Mike White is the Mountains in the Deep: Exploring the Central Pacific Basin expedition mapping lead. He is a Physical Scientist with NOAA's Office of Ocean Exploration and Research.

May 2
Mike White is the expedition mapping lead. He is a Physical Scientist with NOAA's Office of Ocean Exploration and Research. (HR)

Tucking a paper towel into a cup before its decent helps to ensure that it doesn't crumple in under pressure.

May 1
Tucking a paper towel into a cup before its decent helps to ensure that it doesn't crumple in under pressure. (HR)

The shrunken cups designed by the children E Malama I Na Keiki O Lanai Pre School in Lanai City, Hawaii, after visiting 2,500 meters deep attached to the ROV Seirios on Dive 02 of the expedition.

May 1
The shrunken cups designed by the children E Malama I Na Keiki O Lanai Pre School in Lanai City, Hawaii, after visiting 2,500 meters deep. (HR)

Stryofoam cups designed by the children E Malama I Na Keiki O Lanai Pre School in Lanai City, Hawaii, before being sent down to a depth of 2,500 meters during the second dive of this expedition.

May 1
Stryofoam cups designed by the children E Malama I Na Keiki O Lanai Pre School in Lanai City, Hawaii, before being sent down to a depth of 2,500 meters. (HR)

Sunlight does not penetrate the deep sea. Remotely operated vehicles <em>Deep Discoverer</em> (pictured here, at ~360 meters depth at the Aunuʻu Unit of National Marine Sanctuary of American Samoa) and <em>Seirios</em> have multiple lights – over 40 lights between the two robots – that allow researchers to see in the deep ocean.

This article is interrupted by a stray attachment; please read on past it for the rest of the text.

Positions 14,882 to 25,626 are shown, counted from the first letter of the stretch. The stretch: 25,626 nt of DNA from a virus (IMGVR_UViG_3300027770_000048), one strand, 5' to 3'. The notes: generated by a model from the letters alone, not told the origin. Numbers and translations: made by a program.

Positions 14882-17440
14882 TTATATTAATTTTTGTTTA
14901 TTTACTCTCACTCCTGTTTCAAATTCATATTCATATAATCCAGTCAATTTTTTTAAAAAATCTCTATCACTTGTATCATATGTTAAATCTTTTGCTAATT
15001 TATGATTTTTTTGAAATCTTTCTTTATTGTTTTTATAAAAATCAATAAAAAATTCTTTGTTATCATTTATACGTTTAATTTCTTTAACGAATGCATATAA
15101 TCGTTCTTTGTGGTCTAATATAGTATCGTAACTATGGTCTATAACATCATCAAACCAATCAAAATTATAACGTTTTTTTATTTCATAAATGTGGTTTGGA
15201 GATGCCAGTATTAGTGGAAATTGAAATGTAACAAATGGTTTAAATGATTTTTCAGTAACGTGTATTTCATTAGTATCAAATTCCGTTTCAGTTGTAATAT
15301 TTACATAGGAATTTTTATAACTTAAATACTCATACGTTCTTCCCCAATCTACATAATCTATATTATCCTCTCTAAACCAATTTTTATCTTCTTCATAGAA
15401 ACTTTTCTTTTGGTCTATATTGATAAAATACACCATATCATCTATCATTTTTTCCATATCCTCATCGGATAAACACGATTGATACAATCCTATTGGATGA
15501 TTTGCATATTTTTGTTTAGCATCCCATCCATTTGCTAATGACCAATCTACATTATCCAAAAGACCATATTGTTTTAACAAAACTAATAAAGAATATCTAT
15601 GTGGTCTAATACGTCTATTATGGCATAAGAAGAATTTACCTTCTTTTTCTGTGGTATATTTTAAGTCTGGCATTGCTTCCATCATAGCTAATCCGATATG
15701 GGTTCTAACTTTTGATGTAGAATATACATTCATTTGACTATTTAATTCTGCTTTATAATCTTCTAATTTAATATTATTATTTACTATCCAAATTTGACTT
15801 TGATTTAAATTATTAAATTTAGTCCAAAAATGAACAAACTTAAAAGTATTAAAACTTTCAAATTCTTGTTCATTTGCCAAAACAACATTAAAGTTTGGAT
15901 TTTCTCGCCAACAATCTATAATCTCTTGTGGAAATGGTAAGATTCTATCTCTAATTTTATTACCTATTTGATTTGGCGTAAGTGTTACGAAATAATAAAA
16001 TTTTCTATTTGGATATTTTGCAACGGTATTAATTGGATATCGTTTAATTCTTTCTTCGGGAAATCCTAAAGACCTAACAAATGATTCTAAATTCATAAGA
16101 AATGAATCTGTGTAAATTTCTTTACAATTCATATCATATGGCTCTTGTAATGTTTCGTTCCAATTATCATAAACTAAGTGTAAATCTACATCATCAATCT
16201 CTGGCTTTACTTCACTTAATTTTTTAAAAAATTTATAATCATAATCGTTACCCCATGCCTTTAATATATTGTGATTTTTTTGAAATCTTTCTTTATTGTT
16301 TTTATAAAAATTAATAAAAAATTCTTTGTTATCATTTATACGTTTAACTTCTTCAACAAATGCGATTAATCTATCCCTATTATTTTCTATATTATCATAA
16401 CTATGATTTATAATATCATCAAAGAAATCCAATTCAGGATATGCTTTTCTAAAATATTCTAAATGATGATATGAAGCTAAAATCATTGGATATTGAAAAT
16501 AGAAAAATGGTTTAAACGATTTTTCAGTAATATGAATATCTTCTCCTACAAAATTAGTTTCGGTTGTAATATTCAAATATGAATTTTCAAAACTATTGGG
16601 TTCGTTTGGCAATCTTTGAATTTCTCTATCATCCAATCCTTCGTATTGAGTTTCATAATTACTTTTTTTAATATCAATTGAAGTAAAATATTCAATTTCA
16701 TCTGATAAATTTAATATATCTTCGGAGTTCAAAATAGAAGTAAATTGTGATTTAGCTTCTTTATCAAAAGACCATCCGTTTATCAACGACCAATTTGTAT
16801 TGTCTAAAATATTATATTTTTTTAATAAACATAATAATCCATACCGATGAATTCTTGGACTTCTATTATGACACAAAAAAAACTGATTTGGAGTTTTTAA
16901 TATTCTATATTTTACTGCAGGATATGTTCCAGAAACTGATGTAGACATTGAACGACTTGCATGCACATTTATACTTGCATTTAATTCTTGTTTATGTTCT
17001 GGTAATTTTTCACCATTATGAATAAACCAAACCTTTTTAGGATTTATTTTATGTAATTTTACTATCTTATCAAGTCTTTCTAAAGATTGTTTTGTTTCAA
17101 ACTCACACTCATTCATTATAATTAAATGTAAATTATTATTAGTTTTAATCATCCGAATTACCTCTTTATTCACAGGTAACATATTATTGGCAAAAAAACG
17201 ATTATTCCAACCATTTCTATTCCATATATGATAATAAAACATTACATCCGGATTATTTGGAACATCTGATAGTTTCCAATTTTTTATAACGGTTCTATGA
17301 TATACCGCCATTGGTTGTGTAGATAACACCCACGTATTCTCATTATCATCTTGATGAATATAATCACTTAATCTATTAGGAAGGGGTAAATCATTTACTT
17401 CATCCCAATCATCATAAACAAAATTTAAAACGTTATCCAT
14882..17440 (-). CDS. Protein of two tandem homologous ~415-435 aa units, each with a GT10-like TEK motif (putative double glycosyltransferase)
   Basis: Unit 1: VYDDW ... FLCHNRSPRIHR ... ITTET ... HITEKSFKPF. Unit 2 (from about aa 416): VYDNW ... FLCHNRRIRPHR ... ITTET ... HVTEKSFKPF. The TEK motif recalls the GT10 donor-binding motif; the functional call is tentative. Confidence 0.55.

April 30
Sunlight does not penetrate the deep sea. ROVs have that allow researchers to see in the deep ocean. (HR)

This duckbill fish (family Percophidae) was found at approximately ~275 meters depth. The golden-yellow spots identify the fish as potentially <em>Chrionema chryseres</em>. Its large eyes suggest that it is a visual predator.

April 30
This duckbill fish was found at approximately ~275 meters depth. Its large eyes suggest that it is a visual predator. (HR)

The ocean is divided into three zones based on depth and light level.

April 30
The ocean is divided into three zones based on depth and light level. (HR)

TNOAA Ship <em>Okeanos Explorer</em> pulls out of Pago Pago, American Samoa and heads to the first dive site in the Aunuʻu Unit of the National Marine Sanctuary of American Samoa.

April 27
NOAA Ship Okeanos Explorer pulls out of Pago Pago, American Samoa and heads to the first dive site. (HR)

 Expedition Coordinator, Kasey Cantwell, prepares to board NOAA Ship Okeanos Explorer to embark on the Mountains in the Deep: Exploring the Central Pacific Basin expedition.

April 27
Expedition Coordinator Kasey Cantwell prepares to board the ship to embark on the expedition. (HR)

Levi Unema and Sean Kennison, remotely operated vehicle (ROV) engineers with the Global Foundation for Ocean Exploration, teach students in American Samoa about ROV Deep Discoverer during a ship tour.

April 27